When the sharing economy launched, it was heralded with what we call the “idealist discourse”—a rhetoric that framed platforms as bringing economic, social, and environmental benefits. Devon’s desire to earn while still retaining “control”—of his schedule, work process, and life—was a key motivator, as it is for many participants. But there were other pluses too. Airbnb seemed like a way to “experience the world without leaving your home.” He’d recently hosted a couple of Belgian guys for a few weeks and became friendly with them. TaskRabbit also had social aspects. Given that “Chicago is one of the most segregated cities there are,” he likened the work to a “microlevel” version of international travel, with strangers’ homes being like other countries. He loved getting to meet people and see places he wouldn’t otherwise have access to. Devon is also into permaculture and deep-green thinking. Advocates argued that sharing spare rooms, cars, and possessions reduces new purchasing and avoids carbon pollution and resource use. They predicted a revolution from an “ownership” to an “access” society.

Yes, the money mattered to Devon. He was temporarily substituting TaskRabbit for his usual job, and it was paying the rent. But he wasn’t mercenary about his participation. He let his new Belgian friends know they could stay with him free on Couchsurfing. He was more excited about the possibility of changing the world, which he thought sharing was already doing: “Things are going full-circle. In the beginning we used to do everything for ourselves and we were very hospitable towards each other. And then … corporations started moving in … and everyone went there … and now [due to corruption] people started being anticorporation. People are going back to helping each other again because it’s easier, especially with the advent of the internet… . So here we are.” For Devon, sharing was an alternative to capitalism. “We don’t need these big companies. Even though there are companies in the background that host these sharing things, on the front … it doesn’t feel like that to the average consumer.”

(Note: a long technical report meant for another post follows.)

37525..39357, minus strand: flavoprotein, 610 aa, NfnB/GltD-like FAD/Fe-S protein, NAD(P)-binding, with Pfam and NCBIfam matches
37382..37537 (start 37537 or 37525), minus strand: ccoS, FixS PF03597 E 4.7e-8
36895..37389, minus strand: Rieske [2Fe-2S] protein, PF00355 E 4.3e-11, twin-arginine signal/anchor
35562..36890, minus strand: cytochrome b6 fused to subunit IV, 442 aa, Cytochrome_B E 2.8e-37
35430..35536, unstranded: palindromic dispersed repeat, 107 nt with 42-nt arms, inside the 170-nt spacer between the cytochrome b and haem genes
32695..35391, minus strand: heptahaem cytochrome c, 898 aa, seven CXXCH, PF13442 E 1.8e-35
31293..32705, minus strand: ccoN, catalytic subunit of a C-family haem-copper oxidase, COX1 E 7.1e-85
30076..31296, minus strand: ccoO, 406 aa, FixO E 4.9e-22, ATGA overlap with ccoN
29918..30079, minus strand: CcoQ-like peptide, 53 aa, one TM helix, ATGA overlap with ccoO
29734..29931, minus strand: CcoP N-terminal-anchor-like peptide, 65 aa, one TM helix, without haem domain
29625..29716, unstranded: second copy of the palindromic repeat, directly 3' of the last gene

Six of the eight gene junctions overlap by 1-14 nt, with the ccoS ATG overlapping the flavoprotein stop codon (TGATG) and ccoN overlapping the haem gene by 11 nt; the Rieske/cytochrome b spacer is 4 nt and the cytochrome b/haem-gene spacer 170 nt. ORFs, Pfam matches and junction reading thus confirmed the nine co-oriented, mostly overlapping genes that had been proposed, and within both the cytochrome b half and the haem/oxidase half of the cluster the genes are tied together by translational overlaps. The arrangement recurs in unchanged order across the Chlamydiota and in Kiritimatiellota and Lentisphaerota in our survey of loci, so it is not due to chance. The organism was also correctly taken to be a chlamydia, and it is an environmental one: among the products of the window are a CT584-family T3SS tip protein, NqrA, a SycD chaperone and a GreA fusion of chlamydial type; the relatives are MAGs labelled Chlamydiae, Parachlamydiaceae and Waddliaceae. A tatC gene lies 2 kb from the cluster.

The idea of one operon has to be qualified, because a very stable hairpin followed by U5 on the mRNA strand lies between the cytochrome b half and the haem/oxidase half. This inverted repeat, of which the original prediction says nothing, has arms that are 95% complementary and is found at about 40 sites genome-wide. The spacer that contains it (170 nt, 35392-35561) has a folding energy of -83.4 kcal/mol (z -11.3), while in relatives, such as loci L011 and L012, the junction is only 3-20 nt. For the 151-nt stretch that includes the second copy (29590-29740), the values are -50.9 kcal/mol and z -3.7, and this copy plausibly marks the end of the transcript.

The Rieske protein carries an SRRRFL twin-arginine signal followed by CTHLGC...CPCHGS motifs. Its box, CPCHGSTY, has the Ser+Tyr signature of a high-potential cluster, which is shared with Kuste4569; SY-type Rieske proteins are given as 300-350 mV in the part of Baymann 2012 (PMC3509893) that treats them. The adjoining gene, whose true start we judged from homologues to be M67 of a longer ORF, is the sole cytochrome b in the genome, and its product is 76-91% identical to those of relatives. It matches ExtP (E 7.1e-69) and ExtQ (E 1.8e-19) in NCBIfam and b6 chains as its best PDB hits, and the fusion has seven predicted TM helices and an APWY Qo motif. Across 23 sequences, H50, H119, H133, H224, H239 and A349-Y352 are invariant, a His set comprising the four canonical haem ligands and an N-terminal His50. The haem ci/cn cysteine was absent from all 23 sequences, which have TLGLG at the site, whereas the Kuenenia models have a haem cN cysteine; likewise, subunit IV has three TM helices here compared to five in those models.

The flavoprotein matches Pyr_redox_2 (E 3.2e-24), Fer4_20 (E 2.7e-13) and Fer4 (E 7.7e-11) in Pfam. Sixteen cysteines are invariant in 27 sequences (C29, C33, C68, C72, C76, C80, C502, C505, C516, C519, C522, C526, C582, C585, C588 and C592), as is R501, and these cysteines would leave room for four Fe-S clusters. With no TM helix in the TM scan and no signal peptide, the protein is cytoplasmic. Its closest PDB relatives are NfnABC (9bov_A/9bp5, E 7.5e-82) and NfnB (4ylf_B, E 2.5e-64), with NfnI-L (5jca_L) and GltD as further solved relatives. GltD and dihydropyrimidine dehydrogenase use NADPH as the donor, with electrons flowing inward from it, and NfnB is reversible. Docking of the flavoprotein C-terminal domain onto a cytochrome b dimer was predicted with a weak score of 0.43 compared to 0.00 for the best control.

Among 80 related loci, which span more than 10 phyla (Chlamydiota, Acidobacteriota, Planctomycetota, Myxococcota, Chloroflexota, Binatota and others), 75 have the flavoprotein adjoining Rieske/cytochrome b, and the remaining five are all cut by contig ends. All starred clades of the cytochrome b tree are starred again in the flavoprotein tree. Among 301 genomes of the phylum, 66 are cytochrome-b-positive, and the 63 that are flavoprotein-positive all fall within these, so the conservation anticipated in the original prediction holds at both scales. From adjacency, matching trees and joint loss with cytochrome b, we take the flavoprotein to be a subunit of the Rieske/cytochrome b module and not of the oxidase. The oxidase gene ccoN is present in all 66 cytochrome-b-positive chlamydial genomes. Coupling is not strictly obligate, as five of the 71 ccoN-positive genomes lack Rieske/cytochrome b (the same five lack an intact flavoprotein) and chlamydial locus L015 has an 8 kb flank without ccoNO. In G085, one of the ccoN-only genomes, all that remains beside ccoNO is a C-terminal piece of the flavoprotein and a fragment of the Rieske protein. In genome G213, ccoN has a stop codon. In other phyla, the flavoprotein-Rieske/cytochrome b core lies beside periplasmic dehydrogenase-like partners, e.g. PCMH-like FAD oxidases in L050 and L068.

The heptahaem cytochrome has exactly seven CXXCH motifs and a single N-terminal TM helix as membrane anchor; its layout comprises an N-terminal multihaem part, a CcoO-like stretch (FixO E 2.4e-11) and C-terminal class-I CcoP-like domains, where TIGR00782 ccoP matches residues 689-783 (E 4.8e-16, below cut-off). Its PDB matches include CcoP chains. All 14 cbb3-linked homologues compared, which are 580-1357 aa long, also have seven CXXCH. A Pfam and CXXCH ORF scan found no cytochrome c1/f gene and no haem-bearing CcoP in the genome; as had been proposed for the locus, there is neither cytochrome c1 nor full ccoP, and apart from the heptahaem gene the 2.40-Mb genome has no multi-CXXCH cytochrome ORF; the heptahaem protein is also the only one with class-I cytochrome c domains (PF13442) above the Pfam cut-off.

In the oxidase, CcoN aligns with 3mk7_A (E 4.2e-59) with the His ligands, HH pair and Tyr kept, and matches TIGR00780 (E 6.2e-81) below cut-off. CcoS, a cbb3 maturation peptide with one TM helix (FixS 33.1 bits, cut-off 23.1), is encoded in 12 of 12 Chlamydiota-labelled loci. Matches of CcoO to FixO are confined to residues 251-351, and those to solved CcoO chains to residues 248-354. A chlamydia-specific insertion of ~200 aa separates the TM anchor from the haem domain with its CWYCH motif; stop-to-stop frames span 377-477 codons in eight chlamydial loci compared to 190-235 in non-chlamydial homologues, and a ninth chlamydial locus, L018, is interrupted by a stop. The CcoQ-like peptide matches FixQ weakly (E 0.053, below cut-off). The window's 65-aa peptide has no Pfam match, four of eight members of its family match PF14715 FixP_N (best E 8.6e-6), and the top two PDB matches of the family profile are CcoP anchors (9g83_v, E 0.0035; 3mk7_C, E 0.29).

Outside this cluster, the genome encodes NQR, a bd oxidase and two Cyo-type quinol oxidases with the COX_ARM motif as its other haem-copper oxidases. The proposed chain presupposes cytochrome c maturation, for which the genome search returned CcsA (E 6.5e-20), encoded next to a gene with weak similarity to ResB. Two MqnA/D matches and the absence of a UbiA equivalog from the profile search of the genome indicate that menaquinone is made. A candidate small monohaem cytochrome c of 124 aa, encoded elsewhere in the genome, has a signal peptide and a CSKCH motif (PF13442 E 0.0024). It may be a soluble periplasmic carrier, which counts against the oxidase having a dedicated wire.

A decade in, tens of millions have earned on platforms. Hundreds of millions have stayed at Airbnbs, gotten into Ubers and Lyfts, and hired labor from apps. Many share Devon’s optimism. But there’s an opposing view, which focuses on the companies Devon minimized as in the “background,” unnoticed by the average person. They are seen as profit-hungry predators, using the idealist discourse as a fig leaf. Airbnb has commercialized, with unlicensed “ghost” hotels taking over neighborhoods and driving up rents. Companies have become notorious for mistreating workers and offering substandard wages. Even more ominously, some contend that the use of algorithms to control workers has become an alienating, almost totalitarian, nightmare. These criticisms have been present from the beginning but are gaining credibility, given mounting worker and popular discontent. As some of the earliest researchers to study the sharing economy we have plenty of evidence to support both points of view. We have met over-the-moon earners and customers, as well as struggling workers who describe themselves as “wage slaves,” their situations as “scary.” But the point is not to stake out the empirical middle ground between the boosters and the critics. It’s to show that the future that Devon foretold really is possible.